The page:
Ellie went on to serve as an election commissioner in Hattiesburg for more than a decade, continuing the work that she and her husband had started. It took more than 30 years for Samuel Bowers, the Klan leader who ordered the attack, to be convicted of Vernon’s murder.
At StoryCorps, Ellie and Bettie, who was 10 years old at the time, remembered the night Vernon was killed.
Originally aired January 13, 2017, on NPR’s Morning Edition.
Top photo: The charred remains of the Dahmer home and car. Courtesy of Moncrief Photograph Collection, ID #513, Mississippi Department of Archives & History.
Middle Photo: Ellie Dahmer (L) and Bettie Dahmer outside Ellie’s home, which was built in the same location as the house that was destroyed. Credit: Roselyn Almonte, StoryCorps.
Bottom Photo: Ellie Dahmer holds a photo of her late husband. Credit: Roselyn Almonte, StoryCorps.
Francisco Ortega and Kaya Ortega
Growing up in rural Tijuana, Mexico, Francisco Ortega was among the youngest of his family’s 10 children. In 1975, his parents made the difficult decision to leave him and his siblings in the care of his beloved aunt, Trinidad, and move to Los Angeles to find work. Once there, his father worked as a busboy and his mother as a seamstress in a clothing factory; each month they sent back money for food and clothing.
Only about 6 years old when his parents left, Francisco was an intuitive, energetic, and excitable boy. He spent hours playing in the hills and fruit orchards of Tijuana, and chasing rattlesnakes with his dogs. He also acted up a lot and often gave his aunt a hard time.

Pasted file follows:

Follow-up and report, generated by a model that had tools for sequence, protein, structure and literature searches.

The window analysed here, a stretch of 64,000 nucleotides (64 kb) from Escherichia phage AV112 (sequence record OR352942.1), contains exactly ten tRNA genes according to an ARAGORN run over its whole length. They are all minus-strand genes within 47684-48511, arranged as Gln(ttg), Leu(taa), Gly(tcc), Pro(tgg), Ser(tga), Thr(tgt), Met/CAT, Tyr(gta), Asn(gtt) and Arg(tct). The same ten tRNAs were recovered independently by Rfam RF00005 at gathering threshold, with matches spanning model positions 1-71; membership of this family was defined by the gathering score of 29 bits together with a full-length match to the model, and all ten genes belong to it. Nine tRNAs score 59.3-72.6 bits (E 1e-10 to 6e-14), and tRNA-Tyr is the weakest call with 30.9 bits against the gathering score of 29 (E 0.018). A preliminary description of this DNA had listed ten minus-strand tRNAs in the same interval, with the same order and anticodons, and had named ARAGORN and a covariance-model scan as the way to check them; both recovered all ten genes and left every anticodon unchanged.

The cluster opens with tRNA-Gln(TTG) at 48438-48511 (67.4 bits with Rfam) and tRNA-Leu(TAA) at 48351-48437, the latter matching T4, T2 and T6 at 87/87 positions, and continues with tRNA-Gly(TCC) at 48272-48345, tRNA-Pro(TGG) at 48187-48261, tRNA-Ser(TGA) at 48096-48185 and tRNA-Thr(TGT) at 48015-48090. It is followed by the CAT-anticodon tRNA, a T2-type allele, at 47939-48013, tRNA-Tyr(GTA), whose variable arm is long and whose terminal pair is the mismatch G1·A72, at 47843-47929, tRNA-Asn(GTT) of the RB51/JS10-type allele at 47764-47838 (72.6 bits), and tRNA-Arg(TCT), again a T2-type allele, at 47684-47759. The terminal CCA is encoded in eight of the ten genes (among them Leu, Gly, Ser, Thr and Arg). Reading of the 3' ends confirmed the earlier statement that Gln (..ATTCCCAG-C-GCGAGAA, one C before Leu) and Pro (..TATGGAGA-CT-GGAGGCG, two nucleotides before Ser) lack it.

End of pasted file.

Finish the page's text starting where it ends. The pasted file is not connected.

He didn’t see his parents for nearly three and a half years, and couldn’t understand why they left. He missed his mother terribly but through hard work his parents became more financially stable, and in 1978, 9-year-old Francisco joined them in Los Angeles.
At StoryCorps, Francisco—who works to strengthen relationships between the Los Angeles Police Department and the community—shares memories of his childhood in Tijuana with his 16-year-old daughter, Kaya, and tells her about the day he left Mexico to reunite with his parents in Los Angeles.
Originally aired December 16, 2016, on NPR’s Morning Edition.
Above: Francisco and his younger sister Ana after arriving in Los Angeles in 1978. Photo courtesy of Francisco Ortega.
Fred Davie and Robert Sanchez
Robert Sanchez (right) is a social worker who helps people coming out of prison find work and get the support they need. He has a unique understanding of his clients’ struggles because in 2001, Robert was released from New York’s Sing Sing Correctional Facility after serving 15 years for a nonviolent drug offense.
Robert has also recorded StoryCorps interviews with those who have helped him over the years, and in March 2010, his conversation with Felix Aponte was broadcast on NPR. More recently, he sat down with Fred Davie (left), a long-time mentor and friend to thank him for the spiritual support he has provided.